‘Now and Then, How Sustainable was my Sustainability?’
The research will be part of TOTAL CHANGE—NIEUWE GLOBAL GESTALTUNG #001

War memorials have often become little more than painful reminders of Soviet rule for Eastern Europe countries that threw off their communist shackles in the late 1980s and early 1990s. Having also become fair game to graffiti artists, their future remains a thorny point of discussion. Built to mark and commemorate the tenth anniversary of the Russian 'liberation' of Nazi-allied Bulgaria in 1944, the giant Soviet Army monument in the capital Sofia, is still regarded as a prime example of the forceful socialist-realism of the period. The high-relief statue, in which a Red Army soldier guides gun-waving soldiers and members of the proletariat, has therefore also become a target for many, who want it demolished. On June 17, 2011 the monument was painted overnight by a group of anonymous artists who call themselves Destructive Creation, and turned it into a Pop Art tableau of storybook characters, popular superheroes of mainly American origin. Taking center stage was Superman with his distinctive cape and blue. To the left was Santa Claus, about to look through a pair of binoculars. To the right was Ronald McDonald, the mascot of the fast-food giant McDonald’s, clutching a beer bottle. Captain America and Batman's sidekick Robin completed the composition, while Joker also made his appearance. Below, a caption -spray-painted in black- read, in Bulgarian: "Moving with the times.” The Guerilla action perfectly captured the state of affairs in Bulgaria, split between the system of old and the new, Capitalist one. Only hours after the painting’s appearance, the revamped monument had regained its long lost status of a tourist magnet. But Moscow was far from pleased. The benign if motley bunch were enough to provoke an international diplomatic rebuke. Three days later, the colorful and impudent paint was removed.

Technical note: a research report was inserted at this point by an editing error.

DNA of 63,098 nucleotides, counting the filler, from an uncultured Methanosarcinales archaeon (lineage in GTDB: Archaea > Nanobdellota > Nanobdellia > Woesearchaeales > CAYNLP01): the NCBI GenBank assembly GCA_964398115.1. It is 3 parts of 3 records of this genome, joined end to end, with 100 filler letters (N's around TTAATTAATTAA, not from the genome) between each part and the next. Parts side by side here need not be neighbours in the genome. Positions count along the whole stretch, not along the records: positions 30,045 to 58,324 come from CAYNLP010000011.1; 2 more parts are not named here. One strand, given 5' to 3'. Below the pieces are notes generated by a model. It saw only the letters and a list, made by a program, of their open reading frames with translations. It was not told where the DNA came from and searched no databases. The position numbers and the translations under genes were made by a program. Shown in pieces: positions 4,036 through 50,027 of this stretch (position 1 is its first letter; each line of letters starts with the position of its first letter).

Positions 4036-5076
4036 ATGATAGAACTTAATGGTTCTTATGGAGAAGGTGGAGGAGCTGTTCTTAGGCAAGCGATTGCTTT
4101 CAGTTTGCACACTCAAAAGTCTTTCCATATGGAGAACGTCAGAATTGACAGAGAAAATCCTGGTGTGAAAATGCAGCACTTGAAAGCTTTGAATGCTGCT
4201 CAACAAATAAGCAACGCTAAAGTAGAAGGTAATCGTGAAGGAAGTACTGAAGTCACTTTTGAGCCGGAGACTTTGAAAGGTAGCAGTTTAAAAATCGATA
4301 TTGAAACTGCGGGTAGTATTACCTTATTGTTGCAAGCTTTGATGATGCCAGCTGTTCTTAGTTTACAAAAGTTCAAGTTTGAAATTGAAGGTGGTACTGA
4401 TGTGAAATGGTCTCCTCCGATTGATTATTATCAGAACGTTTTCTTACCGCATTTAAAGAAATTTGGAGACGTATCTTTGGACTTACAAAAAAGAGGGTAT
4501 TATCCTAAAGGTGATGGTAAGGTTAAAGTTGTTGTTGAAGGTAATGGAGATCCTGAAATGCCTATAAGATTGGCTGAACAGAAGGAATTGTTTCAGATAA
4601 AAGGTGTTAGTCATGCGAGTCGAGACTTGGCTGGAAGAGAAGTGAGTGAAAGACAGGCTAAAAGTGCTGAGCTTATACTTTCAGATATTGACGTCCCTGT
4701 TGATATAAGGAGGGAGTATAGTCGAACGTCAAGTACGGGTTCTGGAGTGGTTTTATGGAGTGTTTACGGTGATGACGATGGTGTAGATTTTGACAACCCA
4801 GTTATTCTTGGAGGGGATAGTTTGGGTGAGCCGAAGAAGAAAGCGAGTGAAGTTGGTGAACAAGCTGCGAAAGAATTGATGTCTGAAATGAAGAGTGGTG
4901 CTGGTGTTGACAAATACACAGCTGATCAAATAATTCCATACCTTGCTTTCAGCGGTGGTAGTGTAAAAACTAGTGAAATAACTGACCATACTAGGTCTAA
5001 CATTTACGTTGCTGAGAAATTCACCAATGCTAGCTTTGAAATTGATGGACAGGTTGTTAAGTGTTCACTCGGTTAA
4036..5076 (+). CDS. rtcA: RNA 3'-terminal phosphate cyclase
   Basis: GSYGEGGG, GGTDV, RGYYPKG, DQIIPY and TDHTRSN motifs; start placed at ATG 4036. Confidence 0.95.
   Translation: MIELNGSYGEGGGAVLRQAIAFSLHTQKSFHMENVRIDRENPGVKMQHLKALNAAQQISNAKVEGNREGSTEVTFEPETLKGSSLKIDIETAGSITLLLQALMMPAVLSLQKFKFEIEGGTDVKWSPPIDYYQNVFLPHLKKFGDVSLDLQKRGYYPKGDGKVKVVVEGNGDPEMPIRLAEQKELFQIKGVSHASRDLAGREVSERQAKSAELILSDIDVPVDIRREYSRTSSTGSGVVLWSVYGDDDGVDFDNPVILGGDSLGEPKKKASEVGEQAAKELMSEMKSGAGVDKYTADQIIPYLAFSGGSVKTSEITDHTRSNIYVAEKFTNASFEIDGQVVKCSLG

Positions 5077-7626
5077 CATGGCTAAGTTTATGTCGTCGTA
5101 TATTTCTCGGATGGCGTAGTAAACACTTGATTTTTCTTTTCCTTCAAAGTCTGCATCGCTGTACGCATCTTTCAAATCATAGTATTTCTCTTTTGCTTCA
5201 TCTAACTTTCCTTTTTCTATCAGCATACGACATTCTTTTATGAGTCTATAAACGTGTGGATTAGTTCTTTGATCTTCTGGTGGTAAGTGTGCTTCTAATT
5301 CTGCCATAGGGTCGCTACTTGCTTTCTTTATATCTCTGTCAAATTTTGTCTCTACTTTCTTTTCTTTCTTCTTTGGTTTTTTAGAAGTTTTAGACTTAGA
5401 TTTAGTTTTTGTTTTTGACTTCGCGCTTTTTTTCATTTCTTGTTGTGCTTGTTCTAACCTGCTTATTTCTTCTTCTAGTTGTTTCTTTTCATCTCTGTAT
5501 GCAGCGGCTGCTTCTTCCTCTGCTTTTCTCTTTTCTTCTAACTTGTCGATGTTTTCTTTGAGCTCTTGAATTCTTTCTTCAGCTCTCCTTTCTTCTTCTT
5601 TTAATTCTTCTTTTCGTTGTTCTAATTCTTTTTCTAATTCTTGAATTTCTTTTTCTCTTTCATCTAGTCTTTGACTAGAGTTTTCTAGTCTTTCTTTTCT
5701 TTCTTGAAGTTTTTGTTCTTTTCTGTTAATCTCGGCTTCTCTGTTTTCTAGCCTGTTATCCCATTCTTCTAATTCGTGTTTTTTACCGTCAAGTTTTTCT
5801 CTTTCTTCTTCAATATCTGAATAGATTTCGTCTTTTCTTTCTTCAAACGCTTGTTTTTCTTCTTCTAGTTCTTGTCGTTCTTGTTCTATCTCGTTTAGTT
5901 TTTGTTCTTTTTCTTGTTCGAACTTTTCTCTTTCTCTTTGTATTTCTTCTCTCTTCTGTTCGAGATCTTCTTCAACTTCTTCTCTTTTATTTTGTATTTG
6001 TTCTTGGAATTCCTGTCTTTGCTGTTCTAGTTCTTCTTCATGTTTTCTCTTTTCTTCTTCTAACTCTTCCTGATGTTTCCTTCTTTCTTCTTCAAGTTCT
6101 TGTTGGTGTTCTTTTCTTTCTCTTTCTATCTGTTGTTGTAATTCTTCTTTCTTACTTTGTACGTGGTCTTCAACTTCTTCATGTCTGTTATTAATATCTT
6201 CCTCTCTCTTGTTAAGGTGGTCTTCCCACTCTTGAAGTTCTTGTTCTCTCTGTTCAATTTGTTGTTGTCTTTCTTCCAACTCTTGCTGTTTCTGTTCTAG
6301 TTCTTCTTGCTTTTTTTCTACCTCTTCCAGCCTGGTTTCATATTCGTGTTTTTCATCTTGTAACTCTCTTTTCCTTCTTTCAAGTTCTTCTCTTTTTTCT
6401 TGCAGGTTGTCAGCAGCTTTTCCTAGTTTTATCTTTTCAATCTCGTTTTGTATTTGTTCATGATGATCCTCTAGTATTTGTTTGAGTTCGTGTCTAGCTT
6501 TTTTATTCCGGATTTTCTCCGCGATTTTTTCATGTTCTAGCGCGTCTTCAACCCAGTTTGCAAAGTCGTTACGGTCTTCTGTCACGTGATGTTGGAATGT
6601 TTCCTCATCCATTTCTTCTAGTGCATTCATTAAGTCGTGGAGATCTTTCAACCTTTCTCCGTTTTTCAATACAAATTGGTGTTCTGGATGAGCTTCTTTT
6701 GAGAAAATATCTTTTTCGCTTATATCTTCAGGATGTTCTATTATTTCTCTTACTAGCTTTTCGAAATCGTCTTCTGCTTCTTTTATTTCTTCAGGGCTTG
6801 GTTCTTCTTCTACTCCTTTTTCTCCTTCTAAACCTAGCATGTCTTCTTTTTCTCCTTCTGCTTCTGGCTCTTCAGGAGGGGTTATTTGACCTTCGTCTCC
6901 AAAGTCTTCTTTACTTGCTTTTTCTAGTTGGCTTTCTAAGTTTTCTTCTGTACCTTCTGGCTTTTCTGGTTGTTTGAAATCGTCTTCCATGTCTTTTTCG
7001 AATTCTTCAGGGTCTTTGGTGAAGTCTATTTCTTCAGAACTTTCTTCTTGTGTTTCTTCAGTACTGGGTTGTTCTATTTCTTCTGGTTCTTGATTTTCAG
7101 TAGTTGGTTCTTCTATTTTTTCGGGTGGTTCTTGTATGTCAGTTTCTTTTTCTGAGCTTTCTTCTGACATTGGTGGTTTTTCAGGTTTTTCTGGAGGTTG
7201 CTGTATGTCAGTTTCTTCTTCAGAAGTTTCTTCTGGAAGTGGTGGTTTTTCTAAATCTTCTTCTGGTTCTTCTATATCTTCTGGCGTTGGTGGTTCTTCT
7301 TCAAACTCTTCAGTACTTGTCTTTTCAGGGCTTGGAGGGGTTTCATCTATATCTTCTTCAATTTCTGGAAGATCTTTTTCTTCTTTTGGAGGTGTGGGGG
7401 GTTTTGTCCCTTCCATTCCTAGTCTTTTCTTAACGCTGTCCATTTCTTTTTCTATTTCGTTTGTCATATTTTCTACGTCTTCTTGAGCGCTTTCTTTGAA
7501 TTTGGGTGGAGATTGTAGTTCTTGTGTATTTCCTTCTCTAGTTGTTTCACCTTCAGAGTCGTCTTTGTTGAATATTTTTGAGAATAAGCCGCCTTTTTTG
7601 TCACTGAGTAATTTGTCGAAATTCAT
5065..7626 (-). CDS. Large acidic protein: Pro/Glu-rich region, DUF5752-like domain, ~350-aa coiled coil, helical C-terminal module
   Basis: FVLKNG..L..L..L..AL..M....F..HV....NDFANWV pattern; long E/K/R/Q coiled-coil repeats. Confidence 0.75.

Five years after Max Borka and Mapping the Design World included this urban intervention in a worldwide and groundbreaking overview of the latest in social, critical and experimental design, the exhibition Now and Then at the state of DESIGN, BERLIN 2017 festival goes on the search for what happened to them since then.